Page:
BY MATTHEW R. FARRELL
Recently released CIA documents show that President George W. Bush was warned of an imminent terrorist attack months before 9/11. Although the Senior Executive Intelligence Briefings were very vague at first, they began to increasingly suggest an attack by al-Qaeda in a major U.S. city as September approached.
The warnings began in late June. A June 23 brief, titled “Bin Laden Attacks May Be Imminent [redacted],” reported that multiple sources had suggested that authorities should “expect Bin Laden to lauch attacks over the coming days, possibly against U.S. or Israeli interests.”
Two days later another brief corroborated, if not wholly confirmed, the information in the previous brief. It reported that an Arabic news channel interviewed Bin Laden, where he told them to expect a “severe blow” to U.S. and Israeli interests over the next two weeks. According to the brief, there was no footage of the interview, but accounts of the Bin Laden’s
security measures were consistent with CIA intelligence.
Five days later, the president recieved a brief in which CIA officials guessed at possible locations for the attack or attacks, which were expected to produce “major casualties” and “uproar in the next two weeks.” Possible targets mentioned in the brief included the Arabian Peninsula, Yemen, Kuwait, Bahrain, Israel, Jordan and Europe.
With so many scattered possible targets and such vague intentions, the last thing one might predict from these briefs would be an attack on the World Trade Center. Another brief, this one from August 8, would change that.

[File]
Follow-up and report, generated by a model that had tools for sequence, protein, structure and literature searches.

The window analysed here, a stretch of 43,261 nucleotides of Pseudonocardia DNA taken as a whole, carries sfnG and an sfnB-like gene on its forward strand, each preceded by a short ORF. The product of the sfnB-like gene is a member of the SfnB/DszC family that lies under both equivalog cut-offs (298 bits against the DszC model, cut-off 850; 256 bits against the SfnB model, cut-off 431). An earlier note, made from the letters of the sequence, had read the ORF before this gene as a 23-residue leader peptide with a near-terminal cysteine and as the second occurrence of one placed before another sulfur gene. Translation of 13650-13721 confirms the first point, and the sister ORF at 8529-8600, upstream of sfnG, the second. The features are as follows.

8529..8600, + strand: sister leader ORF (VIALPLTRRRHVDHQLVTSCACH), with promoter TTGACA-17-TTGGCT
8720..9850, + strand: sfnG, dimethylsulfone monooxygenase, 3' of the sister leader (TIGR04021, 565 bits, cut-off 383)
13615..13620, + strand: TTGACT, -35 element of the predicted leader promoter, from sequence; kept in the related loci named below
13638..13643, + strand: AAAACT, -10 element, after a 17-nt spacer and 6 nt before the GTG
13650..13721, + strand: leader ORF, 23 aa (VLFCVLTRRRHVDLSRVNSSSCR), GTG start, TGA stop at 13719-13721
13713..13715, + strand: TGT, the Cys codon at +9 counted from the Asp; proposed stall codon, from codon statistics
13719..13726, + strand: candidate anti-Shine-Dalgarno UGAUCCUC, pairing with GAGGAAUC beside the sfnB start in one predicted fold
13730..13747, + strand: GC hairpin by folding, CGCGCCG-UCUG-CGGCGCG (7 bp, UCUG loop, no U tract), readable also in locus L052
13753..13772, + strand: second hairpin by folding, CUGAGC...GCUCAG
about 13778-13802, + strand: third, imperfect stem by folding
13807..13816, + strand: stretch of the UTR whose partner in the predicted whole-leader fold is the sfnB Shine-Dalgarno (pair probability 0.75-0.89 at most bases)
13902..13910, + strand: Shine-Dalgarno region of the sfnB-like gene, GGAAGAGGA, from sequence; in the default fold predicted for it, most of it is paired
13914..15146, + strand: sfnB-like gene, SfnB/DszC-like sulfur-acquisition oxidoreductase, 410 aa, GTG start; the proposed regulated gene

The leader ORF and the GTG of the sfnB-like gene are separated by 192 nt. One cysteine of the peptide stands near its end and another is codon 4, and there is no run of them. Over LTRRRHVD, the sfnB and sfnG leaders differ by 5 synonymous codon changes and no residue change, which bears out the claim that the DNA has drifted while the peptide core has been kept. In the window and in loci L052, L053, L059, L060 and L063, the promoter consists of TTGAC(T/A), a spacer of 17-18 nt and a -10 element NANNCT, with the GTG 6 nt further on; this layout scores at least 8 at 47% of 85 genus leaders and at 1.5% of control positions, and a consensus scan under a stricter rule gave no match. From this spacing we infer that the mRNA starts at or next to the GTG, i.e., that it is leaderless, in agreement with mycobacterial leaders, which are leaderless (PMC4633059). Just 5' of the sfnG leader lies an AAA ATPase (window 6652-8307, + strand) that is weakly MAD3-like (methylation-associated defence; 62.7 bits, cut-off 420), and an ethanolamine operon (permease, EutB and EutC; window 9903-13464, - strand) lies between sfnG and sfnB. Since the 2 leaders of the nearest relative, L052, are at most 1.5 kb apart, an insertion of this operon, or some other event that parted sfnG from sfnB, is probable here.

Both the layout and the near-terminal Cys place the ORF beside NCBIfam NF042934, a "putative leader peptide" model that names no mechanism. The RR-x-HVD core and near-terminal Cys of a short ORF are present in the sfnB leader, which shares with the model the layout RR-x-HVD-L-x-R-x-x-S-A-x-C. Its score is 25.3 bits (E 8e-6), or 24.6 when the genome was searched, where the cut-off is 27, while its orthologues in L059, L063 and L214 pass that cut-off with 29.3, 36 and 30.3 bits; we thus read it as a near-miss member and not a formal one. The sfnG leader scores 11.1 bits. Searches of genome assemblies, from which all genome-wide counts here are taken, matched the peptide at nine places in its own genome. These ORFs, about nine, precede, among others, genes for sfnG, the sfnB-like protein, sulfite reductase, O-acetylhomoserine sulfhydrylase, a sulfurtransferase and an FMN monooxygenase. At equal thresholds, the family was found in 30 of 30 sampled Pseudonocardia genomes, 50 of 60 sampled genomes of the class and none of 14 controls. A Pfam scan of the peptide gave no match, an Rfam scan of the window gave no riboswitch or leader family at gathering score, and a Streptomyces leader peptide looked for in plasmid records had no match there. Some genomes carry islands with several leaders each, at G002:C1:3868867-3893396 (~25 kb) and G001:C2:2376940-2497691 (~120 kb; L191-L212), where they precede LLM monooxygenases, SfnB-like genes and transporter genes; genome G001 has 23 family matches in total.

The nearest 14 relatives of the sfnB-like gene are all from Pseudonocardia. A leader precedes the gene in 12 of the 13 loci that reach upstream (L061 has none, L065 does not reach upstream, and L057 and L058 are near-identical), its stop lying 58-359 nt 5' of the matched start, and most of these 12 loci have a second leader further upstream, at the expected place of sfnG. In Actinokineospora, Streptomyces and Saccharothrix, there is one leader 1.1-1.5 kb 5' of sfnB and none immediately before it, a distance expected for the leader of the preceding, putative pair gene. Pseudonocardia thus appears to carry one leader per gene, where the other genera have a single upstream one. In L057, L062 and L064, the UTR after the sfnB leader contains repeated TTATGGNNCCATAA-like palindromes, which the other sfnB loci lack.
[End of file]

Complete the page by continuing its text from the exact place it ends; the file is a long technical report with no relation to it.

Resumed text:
This brief, titled “Bin Laden Determined to Strike in the U.S. [redacted],” mentioned the World Trade Center by name.
“Bin Laden implied in U.S. television interviews in 1997 and 1998 that his followers would follow the example of World Trade Center bomber Ramzi Yousef and ‘bring the fight to America.'”
The brief also mentioned that a New York al-Qaeda cell was attempting to recruit Muslim-American Youth for an attack.
While this brief certainly suggests that the World Trade Center was a target for al-Qaeda, hindsight is 20/20, and there were many other possible targets that were not attacked. Still, this brief and others like it prove that American intelligence officials knew that a major plan was in the works. The idea that 9/11 came as a shock to the intelligence community can no longer be given serious credence.
It should also be pointed out that although these briefs were released, they were highly censored with large parts of them, sometimes even the majority of the copy, redacted. No one without a security clearance can even begin to guess what else was in them and whether or not it suggested the likelyhood of the 9/11 attacks.
The American intelligence community thwarts plots like 9/11, and sometimes worse, every day without the average citizen even knowing about it. For that, they deserve thanks. When it comes to protecting the country though, no amount of successes can outweigh one failure and 9/11 should, and as more information comes out likely will, forever be looked upon as a failure of the intelligence community and the president it served.